ASG Analysis: White House Lays Down Marker with Executive Order on AI, But Offers Few Concrete Measures
By Paul Triolo, Associate Partner and Global Tech Policy Lead, and Anarkalee Perera, Director
With contributions from Senior Advisors Kevin Allison and Terah Lyons
- On October 30th, the Biden administration released the highly anticipated Executive Order (EO) on Safe, Secure, and Trustworthy Artificial Intelligence (AI). The order is sweeping in scope and adopts a whole-of-government approach to overseeing elements of AI model development and deployment, while laying out some initial frameworks for monitoring, and regulation, particularly of advanced or “frontier” models.
- The order builds on and consolidates many of the administration's previous actions on AI, including the White House Voluntary Commitments, the Blueprint for an AI Bill of Rights, and the U.S. national AI strategy. This time, however, the EO takes specific actions on several concerns that have been a key driver of the growing political urgency around AI issues in the U.S.
- The EO lays out a broad set of principles for federal agencies to develop guidance and offers a new set of specific measures designed to lay the groundwork for further government oversight of AI model development, including in future legislation.
- National security considerations are at the heart of the EO; with many of its provisions geared toward addressing concerns around biosecurity, cybersecurity, and the protection of critical infrastructure.
- Though limited in scope, the order imposes significant responsibilities on AI developers, including requiring companies working on advanced AI models to submit the results of their red teaming tests to the government. It further includes a Know-Your-Customer due diligence and reporting regime for companies working on advanced AI systems that could pose cybersecurity risks or provide access to computing power that could be used for very large AI training runs.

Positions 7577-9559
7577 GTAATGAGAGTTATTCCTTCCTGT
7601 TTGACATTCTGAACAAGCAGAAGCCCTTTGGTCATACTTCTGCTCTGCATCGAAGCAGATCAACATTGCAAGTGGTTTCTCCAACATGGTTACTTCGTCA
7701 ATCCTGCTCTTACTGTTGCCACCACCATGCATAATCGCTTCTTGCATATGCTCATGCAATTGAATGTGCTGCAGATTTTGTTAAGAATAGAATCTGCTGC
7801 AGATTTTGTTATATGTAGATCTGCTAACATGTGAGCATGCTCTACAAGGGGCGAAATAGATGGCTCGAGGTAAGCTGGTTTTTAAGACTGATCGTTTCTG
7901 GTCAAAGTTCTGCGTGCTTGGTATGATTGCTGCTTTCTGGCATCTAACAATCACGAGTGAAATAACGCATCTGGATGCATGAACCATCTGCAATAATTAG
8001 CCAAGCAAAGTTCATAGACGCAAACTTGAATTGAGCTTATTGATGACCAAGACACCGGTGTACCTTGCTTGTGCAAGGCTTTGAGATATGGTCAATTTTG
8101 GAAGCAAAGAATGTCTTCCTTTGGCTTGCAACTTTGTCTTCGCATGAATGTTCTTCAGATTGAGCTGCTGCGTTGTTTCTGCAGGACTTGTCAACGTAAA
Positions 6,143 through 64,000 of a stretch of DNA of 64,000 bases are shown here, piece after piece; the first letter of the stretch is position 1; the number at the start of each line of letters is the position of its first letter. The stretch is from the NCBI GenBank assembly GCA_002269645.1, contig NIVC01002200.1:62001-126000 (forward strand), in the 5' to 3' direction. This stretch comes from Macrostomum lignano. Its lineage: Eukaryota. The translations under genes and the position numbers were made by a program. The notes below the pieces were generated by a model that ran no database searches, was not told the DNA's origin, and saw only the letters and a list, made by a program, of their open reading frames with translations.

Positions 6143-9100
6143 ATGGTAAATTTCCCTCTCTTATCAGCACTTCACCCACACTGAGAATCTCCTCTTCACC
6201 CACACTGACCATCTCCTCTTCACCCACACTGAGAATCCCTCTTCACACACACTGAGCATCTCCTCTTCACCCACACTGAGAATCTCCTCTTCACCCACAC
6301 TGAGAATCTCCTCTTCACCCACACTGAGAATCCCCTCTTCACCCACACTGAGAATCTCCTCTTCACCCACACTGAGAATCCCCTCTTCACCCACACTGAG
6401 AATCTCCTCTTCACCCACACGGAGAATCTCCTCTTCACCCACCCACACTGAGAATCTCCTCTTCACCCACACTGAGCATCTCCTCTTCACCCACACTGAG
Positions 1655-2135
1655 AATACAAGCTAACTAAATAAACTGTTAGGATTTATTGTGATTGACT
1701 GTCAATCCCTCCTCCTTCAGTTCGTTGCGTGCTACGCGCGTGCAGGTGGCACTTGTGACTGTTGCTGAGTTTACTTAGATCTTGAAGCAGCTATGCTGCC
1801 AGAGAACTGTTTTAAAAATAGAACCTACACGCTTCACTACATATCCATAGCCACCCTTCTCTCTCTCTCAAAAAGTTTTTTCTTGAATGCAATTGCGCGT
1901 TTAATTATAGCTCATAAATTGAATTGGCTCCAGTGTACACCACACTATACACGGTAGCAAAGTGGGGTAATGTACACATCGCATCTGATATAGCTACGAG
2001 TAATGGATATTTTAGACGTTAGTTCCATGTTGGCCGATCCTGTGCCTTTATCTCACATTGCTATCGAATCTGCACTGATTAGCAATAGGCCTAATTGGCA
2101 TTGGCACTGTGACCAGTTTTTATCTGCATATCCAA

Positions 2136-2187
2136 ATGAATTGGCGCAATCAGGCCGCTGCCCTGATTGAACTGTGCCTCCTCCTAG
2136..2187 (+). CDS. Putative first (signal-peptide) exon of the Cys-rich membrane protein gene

- At present, only a handful of large U.S. tech companies are developing AI systems powerful enough to fall under the scope of this part of the EO, but these performance thresholds are subject to additional review and could change down the road as the technology develops.
- But even as the order attempts to create guardrails around the use and application of the technology, it similarly includes provisions to foster its development. Consequently, the EO outlines support for smaller AI developers and researchers and calls for reforms to immigration policy to attract and retain AI talent.
- The order includes a major nod to the importance of multilateral action on advanced AI, and the contents of the order were discussed this week at the U.K. AI summit, attended by 28 countries, including China.
- Some important questions remain about the implementation. For example, it is unclear how many of the federal agencies will fund the new expanded mandates, or where they will find AI talent. The order also does not make recommendations on how the U.S. government should approach institutionalizing AI oversight, to ensure that the issue remains a priority through successive administrations.